I almost gasped when I saw what was in the midst of them. A girl, a little shorter than me, sat next to the pit with her back to me. She wore a torn brown robe with blood spots showing through.
On either side of her sat the two largest troglyns. They were swaying back and forth and chanting something in their primitive language. Did they pray to their savage god before eating their meal? I didn’t know, but I knew if I didn’t get the girl out of there soon, she’d be dead.
Of course, I’m not a large person, and the girl was almost as big as I was. Could I dash in there, pick her up, and do a sock enhanced burst of speed out of there? There was the time I had to carry Nut-boy away from a charging bull after he strayed into its pasture. This wasn’t too much different, other than that the troglyns were faster, smarter, meaner, and armed.
I held my breath and watched for my best chance. When the two troglyn chanters were swaying away from the girl, I darted forward and up to the circle. I grabbed her shoulders and pulled her away with all my strength. She let out a gasp. At least she was still alive.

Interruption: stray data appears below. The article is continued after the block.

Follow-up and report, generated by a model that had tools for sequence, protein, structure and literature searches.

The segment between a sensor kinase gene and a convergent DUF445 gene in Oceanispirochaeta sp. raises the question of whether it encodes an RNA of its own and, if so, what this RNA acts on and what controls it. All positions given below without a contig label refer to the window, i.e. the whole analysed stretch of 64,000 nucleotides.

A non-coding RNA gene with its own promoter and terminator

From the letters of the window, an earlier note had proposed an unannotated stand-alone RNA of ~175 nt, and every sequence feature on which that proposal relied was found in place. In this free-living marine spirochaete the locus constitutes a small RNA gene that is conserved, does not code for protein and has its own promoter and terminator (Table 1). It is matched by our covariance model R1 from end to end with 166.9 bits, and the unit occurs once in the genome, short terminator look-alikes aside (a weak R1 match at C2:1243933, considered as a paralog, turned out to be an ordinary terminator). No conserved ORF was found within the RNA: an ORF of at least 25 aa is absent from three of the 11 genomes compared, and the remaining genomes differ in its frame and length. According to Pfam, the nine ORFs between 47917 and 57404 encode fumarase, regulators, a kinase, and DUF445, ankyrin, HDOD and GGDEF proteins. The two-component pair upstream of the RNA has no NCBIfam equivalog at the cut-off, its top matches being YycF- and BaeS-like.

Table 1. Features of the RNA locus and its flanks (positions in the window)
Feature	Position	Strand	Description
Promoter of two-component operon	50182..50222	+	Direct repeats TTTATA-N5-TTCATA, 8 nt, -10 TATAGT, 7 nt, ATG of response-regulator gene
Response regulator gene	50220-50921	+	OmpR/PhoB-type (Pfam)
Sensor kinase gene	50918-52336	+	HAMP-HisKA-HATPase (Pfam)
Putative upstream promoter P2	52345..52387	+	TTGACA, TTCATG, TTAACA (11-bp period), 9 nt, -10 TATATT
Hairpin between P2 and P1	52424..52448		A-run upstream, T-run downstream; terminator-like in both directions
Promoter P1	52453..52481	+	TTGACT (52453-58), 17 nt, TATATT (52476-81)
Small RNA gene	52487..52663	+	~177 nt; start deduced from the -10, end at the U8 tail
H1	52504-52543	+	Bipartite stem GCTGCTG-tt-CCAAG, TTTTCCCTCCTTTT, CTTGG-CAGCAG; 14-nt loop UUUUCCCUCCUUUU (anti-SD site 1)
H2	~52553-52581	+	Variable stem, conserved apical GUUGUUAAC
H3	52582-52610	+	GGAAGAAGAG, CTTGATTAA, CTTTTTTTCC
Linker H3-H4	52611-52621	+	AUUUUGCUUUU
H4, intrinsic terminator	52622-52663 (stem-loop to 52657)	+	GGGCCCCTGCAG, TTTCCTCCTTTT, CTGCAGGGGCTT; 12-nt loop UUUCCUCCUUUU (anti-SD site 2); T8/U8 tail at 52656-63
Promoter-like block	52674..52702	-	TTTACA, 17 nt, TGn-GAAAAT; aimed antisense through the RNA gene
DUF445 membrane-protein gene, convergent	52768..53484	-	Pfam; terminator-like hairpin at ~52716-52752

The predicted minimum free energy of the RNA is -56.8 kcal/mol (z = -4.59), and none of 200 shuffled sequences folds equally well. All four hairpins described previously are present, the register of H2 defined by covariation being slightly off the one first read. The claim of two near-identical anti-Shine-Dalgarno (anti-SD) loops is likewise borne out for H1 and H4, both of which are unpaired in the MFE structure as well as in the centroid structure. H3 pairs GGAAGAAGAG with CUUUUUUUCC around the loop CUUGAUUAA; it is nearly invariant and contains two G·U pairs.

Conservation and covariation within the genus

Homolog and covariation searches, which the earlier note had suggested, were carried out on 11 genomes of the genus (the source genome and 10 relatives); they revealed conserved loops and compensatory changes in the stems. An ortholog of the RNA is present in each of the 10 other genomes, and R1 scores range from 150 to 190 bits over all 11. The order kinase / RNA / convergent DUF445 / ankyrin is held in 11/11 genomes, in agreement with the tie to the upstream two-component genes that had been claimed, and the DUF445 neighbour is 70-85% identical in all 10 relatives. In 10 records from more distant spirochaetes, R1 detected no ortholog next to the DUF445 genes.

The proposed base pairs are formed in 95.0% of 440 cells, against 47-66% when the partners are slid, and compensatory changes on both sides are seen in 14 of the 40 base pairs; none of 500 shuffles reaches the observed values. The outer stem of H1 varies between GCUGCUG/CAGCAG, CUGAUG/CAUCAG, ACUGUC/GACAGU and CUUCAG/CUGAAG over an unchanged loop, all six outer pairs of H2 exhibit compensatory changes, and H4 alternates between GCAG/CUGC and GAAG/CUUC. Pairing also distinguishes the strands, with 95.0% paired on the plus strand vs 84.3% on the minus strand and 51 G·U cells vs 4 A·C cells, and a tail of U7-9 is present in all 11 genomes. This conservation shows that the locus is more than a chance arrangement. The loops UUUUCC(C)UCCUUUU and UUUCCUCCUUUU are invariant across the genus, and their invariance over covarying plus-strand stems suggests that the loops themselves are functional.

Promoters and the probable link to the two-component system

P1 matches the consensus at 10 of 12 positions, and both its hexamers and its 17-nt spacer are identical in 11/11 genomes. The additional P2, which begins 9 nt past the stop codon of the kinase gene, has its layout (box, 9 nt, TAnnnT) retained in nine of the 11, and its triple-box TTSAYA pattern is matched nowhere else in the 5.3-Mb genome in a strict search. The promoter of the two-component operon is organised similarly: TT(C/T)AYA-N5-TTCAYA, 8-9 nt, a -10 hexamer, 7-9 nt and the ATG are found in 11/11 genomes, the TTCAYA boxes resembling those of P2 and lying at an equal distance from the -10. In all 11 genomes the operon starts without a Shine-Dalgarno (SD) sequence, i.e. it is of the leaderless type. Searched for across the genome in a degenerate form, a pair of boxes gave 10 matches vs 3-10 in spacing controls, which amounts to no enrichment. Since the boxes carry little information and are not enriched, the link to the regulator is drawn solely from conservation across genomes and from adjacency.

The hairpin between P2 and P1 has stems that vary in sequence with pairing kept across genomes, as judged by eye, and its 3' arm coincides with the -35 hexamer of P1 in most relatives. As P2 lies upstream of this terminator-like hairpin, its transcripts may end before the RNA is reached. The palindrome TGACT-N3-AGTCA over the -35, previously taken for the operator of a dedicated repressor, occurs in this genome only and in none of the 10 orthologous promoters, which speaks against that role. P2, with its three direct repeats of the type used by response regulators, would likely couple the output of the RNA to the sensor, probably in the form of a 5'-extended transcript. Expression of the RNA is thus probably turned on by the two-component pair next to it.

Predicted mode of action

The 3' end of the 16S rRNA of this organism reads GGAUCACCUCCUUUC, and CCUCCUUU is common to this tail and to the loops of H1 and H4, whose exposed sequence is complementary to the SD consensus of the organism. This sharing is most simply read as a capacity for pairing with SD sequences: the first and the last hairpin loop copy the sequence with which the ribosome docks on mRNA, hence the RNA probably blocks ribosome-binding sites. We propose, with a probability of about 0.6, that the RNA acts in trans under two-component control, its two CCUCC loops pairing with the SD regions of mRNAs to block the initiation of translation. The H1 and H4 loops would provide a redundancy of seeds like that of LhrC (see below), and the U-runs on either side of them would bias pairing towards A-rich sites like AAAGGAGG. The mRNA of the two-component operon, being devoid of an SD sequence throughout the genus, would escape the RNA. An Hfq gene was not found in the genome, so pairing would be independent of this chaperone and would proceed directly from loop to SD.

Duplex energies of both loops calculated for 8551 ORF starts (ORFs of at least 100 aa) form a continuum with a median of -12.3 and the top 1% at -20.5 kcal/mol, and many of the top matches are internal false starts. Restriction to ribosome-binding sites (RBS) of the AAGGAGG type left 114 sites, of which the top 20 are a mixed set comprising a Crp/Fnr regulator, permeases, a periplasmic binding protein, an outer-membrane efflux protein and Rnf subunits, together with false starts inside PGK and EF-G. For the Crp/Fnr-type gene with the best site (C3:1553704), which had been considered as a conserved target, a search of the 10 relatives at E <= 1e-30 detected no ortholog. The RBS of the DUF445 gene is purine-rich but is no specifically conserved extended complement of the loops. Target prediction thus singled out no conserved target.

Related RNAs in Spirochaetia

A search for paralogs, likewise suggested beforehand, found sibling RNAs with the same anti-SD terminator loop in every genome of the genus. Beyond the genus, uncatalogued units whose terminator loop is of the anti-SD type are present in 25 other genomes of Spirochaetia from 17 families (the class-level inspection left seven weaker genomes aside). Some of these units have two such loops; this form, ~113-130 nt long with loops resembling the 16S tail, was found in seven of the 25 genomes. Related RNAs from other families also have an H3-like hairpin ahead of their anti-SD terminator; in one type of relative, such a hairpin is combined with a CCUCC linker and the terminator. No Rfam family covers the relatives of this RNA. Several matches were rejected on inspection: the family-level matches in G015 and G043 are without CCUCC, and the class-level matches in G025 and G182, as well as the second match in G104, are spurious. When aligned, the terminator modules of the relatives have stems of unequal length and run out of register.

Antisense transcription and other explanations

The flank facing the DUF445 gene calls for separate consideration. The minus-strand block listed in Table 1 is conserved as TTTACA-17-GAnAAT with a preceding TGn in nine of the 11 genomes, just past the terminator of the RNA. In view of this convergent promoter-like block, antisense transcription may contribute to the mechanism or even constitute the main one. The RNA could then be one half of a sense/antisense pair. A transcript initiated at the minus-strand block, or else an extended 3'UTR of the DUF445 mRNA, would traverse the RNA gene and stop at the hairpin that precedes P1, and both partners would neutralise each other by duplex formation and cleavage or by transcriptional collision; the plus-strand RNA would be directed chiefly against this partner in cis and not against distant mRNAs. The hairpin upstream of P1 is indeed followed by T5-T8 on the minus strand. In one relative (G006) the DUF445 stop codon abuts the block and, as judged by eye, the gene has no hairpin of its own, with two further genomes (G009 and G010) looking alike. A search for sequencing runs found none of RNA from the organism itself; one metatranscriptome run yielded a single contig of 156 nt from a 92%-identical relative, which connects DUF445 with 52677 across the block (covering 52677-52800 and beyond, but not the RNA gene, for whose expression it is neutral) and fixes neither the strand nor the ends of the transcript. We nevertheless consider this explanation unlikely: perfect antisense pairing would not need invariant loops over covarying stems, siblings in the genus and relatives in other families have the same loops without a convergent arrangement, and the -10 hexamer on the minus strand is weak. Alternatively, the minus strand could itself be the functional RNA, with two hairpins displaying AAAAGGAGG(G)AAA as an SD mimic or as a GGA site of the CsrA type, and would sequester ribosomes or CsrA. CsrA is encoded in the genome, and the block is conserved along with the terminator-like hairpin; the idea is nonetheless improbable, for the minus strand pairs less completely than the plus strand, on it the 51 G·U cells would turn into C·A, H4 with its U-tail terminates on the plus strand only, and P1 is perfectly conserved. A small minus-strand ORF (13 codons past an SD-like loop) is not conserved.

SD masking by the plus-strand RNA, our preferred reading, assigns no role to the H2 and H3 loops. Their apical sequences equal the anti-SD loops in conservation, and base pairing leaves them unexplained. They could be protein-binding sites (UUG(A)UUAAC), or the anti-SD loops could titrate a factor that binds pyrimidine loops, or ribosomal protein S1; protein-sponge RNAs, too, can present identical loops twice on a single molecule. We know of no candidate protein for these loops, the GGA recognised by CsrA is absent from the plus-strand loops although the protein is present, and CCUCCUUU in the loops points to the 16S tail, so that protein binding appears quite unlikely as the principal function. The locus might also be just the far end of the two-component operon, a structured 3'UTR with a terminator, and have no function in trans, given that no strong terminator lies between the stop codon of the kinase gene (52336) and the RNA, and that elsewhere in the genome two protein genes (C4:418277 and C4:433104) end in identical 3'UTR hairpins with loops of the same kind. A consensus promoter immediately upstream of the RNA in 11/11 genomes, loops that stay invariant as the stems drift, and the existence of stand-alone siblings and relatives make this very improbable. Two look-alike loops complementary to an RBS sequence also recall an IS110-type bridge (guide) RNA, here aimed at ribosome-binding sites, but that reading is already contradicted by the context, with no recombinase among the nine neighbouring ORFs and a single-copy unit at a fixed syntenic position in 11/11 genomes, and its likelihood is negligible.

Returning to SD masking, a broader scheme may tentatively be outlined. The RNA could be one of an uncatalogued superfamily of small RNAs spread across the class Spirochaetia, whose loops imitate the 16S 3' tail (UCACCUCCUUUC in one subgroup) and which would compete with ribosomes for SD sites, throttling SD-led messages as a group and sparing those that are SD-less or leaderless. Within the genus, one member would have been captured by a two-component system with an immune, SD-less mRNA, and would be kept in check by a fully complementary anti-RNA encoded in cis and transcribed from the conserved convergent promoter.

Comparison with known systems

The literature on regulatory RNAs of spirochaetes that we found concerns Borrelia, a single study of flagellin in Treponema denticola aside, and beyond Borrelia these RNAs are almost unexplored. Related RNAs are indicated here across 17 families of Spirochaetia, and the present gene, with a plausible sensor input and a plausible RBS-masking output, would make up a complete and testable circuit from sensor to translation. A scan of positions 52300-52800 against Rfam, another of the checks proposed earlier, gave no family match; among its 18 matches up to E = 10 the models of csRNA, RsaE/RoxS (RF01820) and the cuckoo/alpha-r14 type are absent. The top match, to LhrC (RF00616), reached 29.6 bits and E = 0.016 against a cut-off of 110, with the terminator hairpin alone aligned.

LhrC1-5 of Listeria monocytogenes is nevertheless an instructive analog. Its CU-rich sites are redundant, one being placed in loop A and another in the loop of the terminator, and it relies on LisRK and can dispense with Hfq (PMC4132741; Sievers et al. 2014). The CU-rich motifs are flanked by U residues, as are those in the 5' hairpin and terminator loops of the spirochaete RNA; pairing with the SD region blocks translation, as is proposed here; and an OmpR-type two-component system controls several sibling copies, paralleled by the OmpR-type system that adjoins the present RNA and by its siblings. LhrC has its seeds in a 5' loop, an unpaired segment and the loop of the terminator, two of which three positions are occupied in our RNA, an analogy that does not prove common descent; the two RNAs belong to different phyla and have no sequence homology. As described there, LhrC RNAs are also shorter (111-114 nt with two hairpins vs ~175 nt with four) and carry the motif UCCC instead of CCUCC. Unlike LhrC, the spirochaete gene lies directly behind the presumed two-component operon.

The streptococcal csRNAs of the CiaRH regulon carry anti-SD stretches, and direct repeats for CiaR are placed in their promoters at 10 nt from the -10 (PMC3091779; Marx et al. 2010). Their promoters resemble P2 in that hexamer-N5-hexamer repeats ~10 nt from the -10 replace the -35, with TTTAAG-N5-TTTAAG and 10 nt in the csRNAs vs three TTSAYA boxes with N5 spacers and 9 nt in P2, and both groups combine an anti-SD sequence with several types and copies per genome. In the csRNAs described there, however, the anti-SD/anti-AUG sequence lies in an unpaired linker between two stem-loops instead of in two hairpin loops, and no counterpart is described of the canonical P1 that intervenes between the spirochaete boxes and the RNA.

The troglyns stopped chanting and turned to look at me. One of them let out a ferocious grunt.
“I’m here to save you!” I yelled as I scooped the girl over my shoulder and went into a magically heightened sprint. I don’t know how I managed to navigate back up the tunnel without running into anything. The afternoon sunlight blinded me as I emerged out of the tunnel but I didn’t stop. I continued along the stream and back to the main trail.
The last of my strength gave out and I tried to gently lay the girl down. What happened instead was we ended up tumbling hard to the ground in a tangle of arms and legs. I just hoped we were far enough away from any pursuit to allow enough time to catch my breath.
I rolled off of her and pushed myself into a sitting position in order to get a good look at the girl I’d saved.
She was gorgeous, or at least I thought so. She had a few pimples and a scar on her chin, but her braided blond hair and piercing blue eyes had me mesmerized. She was about my age, too.
Now, not only could I cross off rescuing a princess from my list of life’s goals, but I could add saving a fair maiden as well. This adventure wasn’t turning out so bad after all.
“Are you okay?” I asked, getting to my feet.
She sat up and looked over her body before looking at me. Without a word, she stood and approached me. Her face was red with rage as she shouted, “You idiot!”